2010 Toyota Highlander earns the Top Safety Pick from IIHS

Article by Christian A., on August 25, 2010

Two more of Toyota's vehicles -- the 2010 Highlander and Venza -- have earned the Top Safety Pick from the Insurance Institute for Highway Safety (IIHS). To qualify for this award, the vehicle needs to receive the highest rating of 'good' in the IIHS' front, side, rollover (a test added in 2010) and rear impact tests.

The cars would also need to have electronic stability control. To do well in the newly added rollover test, the vehicles must prove that their roof can support the equivalent of four times its weight. The Highlander withstood a force equal to 4.74 times its vehicle weight. The Venza roof endured 4.70 times its vehicle weight.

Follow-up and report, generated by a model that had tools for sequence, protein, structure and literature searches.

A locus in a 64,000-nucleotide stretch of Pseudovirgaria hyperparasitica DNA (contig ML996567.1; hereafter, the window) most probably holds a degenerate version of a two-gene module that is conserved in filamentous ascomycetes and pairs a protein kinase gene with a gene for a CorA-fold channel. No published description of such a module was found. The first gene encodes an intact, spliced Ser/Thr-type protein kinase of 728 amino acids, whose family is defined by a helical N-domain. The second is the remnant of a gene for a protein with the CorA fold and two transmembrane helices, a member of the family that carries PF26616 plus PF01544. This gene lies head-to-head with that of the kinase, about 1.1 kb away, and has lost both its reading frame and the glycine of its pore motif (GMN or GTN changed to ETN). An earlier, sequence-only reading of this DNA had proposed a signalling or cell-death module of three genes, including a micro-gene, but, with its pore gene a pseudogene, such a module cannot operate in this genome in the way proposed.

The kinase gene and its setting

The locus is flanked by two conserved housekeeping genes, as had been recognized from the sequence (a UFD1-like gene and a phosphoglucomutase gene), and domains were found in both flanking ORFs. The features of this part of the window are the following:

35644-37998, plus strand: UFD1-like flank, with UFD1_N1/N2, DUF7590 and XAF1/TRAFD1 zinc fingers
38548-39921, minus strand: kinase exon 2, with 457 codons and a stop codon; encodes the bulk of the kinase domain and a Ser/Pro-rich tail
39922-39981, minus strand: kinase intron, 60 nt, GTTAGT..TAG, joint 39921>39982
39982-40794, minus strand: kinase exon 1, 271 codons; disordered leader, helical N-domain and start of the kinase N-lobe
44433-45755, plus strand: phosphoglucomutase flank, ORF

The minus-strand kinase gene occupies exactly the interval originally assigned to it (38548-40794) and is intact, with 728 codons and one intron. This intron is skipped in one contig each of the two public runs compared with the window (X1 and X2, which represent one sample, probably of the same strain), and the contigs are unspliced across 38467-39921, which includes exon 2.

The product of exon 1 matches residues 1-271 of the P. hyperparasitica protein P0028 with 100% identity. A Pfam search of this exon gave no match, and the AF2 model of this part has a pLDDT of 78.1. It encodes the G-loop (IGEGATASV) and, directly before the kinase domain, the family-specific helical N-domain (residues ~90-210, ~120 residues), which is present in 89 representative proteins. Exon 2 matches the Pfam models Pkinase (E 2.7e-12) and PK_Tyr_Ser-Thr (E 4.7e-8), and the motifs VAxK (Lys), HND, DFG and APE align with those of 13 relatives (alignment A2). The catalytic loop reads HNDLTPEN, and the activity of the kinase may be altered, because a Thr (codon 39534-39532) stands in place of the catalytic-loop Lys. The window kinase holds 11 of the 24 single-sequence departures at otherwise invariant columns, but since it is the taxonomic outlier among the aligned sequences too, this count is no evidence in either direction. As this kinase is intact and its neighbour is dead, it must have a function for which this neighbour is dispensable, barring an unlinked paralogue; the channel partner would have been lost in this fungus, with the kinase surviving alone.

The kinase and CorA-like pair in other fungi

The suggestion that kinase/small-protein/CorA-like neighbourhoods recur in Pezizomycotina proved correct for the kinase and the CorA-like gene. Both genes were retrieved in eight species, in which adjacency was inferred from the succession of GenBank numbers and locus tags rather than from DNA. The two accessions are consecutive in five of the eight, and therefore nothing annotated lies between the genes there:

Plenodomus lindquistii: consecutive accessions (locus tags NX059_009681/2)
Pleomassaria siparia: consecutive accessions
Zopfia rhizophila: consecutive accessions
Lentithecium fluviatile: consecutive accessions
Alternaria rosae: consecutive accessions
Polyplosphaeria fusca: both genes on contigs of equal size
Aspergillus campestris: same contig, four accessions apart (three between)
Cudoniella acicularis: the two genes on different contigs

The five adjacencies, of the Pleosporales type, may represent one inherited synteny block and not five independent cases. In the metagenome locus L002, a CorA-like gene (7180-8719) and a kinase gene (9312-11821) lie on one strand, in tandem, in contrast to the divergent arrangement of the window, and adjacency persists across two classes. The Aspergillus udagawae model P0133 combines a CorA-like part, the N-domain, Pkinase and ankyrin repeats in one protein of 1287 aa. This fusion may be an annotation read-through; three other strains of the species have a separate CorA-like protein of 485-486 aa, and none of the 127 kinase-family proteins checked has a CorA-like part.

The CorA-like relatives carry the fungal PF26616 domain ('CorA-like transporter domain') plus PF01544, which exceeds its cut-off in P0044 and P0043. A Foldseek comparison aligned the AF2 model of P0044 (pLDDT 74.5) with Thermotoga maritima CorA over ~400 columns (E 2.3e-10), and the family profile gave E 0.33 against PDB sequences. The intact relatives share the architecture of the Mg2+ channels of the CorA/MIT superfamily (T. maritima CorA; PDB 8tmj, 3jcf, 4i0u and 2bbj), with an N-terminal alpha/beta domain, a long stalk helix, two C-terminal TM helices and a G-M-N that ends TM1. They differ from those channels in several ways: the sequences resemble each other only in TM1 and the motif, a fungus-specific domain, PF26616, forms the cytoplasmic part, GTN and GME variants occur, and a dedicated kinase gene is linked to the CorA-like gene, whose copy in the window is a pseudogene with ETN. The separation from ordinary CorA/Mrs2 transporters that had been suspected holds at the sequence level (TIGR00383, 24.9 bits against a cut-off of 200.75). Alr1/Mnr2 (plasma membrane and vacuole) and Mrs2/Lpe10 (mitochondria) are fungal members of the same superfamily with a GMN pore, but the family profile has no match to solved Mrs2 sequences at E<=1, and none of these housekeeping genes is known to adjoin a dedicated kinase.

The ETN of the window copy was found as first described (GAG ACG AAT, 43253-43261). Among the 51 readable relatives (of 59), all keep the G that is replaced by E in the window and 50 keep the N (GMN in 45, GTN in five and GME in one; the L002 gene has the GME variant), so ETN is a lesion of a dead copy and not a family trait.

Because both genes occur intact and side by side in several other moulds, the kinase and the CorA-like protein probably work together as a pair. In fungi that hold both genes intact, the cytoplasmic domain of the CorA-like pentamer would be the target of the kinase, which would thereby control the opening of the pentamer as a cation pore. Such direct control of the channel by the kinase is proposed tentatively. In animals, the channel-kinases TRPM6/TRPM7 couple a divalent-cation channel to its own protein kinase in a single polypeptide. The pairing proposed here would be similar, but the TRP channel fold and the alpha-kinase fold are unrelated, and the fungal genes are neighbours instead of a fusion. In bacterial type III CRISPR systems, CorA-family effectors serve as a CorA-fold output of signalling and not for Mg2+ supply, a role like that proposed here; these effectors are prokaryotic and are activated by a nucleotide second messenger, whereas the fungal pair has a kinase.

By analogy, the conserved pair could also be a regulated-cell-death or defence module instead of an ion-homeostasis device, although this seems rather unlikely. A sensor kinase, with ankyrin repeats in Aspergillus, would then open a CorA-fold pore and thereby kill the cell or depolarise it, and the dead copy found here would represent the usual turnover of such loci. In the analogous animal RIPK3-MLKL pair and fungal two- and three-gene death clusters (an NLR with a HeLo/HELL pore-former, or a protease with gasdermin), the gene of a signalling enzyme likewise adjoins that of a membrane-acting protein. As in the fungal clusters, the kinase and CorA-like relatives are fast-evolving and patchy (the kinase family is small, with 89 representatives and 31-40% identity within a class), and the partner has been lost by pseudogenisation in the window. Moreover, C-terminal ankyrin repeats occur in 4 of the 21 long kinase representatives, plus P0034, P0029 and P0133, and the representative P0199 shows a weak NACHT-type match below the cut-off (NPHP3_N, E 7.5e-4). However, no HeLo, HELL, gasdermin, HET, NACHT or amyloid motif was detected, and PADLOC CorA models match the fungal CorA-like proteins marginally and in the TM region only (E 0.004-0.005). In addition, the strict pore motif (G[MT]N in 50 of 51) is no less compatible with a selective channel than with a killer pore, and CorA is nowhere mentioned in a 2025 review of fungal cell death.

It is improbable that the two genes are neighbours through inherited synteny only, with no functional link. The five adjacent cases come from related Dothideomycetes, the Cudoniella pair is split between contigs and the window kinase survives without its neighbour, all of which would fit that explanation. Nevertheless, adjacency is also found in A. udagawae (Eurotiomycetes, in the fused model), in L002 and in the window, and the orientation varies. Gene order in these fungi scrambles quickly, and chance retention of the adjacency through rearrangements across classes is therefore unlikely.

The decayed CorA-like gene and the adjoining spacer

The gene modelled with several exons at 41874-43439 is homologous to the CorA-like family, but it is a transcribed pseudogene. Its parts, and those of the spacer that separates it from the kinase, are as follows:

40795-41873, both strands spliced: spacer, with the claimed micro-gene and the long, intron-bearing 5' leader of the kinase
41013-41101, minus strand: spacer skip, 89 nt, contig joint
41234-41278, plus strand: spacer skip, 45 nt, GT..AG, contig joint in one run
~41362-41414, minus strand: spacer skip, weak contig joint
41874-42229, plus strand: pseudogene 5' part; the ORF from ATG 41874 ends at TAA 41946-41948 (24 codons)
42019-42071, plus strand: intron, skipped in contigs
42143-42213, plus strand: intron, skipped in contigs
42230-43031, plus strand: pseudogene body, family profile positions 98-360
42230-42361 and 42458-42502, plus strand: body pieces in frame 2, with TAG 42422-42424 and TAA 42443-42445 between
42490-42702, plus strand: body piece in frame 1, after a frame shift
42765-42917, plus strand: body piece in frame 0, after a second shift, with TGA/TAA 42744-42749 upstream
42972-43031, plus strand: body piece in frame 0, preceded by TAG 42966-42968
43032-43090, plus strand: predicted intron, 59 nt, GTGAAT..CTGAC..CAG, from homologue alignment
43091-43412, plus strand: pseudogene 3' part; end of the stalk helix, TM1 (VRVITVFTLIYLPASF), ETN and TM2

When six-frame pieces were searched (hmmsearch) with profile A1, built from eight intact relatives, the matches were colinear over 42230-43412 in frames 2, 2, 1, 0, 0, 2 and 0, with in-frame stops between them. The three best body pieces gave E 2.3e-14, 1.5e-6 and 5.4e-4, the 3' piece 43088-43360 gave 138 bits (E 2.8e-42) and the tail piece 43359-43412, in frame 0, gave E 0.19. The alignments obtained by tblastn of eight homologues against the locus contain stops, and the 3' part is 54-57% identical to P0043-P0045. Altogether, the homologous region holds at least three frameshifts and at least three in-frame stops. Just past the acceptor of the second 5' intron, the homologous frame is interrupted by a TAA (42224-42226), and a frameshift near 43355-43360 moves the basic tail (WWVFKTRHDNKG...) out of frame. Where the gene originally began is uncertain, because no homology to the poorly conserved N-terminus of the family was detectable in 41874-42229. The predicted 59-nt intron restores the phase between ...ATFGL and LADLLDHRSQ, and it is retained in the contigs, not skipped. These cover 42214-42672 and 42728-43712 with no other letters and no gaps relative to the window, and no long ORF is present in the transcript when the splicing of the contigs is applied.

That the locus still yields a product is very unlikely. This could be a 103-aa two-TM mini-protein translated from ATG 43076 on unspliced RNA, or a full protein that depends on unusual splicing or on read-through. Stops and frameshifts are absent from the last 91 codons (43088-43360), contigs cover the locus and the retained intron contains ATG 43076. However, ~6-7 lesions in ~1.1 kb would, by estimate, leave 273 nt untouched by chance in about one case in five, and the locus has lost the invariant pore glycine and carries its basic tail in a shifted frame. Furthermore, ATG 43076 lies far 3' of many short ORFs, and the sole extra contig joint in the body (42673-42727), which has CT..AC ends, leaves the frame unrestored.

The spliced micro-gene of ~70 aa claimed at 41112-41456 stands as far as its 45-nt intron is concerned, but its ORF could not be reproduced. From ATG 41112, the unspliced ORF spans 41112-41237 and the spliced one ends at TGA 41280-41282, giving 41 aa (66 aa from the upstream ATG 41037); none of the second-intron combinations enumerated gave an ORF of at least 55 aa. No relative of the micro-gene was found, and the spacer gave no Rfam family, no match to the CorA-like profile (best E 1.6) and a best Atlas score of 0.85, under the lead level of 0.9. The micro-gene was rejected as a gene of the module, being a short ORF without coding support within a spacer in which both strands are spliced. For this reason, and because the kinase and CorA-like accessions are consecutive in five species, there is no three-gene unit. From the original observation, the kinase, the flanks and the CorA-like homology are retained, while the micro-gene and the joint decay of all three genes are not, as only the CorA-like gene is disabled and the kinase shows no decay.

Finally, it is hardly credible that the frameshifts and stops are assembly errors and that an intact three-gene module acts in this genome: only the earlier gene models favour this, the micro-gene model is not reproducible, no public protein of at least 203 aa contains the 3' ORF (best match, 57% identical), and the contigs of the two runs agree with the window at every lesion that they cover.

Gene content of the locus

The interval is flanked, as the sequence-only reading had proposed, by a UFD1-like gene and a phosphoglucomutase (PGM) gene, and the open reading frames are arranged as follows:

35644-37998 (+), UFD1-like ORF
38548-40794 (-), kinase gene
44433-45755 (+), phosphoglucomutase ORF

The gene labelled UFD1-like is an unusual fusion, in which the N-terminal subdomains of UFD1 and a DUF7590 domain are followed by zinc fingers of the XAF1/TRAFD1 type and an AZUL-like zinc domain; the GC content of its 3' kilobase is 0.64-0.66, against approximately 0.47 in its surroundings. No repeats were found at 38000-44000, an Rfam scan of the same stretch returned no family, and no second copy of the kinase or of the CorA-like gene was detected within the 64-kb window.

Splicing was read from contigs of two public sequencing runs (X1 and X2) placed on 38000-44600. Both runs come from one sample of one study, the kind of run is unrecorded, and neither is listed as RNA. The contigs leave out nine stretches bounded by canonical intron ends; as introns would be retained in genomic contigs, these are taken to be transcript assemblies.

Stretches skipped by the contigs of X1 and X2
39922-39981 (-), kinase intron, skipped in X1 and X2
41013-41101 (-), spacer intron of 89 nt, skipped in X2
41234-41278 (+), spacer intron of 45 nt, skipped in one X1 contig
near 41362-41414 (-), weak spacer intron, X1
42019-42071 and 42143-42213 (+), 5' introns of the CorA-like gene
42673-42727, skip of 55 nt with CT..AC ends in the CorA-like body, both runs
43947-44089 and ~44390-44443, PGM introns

The Highlander SE 4x2 is priced from $32,480 in the US. The car is powered by a 3.5-liter V6 engine with dual Variable Valve Timing with intelligence (VVT-i) and a five-speed automatic transmission.

The SE features leather-trim seats, heated front seats, Tri-Zone automatic front and rear air conditioning, power tilt/slide moonroof, AM/FM audio system with a six-disc CD changer, 17-inch aluminum alloy wheels, Homelink universal transceiver, heated outside mirrors, Daytime Running Lights, and a tow package.

The Insurance Institute for Highway Safety, through its president Adrian Lund, said that it is in the process of conducting tests for the midsize SUVs. The tests however will be done in stages in consideration of the group’s size.

According to Lund, initial results revealed that automakers are indeed making headway when it comes to rollover protection. Lund however adds that the Institute is saddened by the fact that the Crosstour and other new designs failed to perform as expected. Getting top performance rating for the roof test is vital since almost 10,000 people die from rollover crashes each year.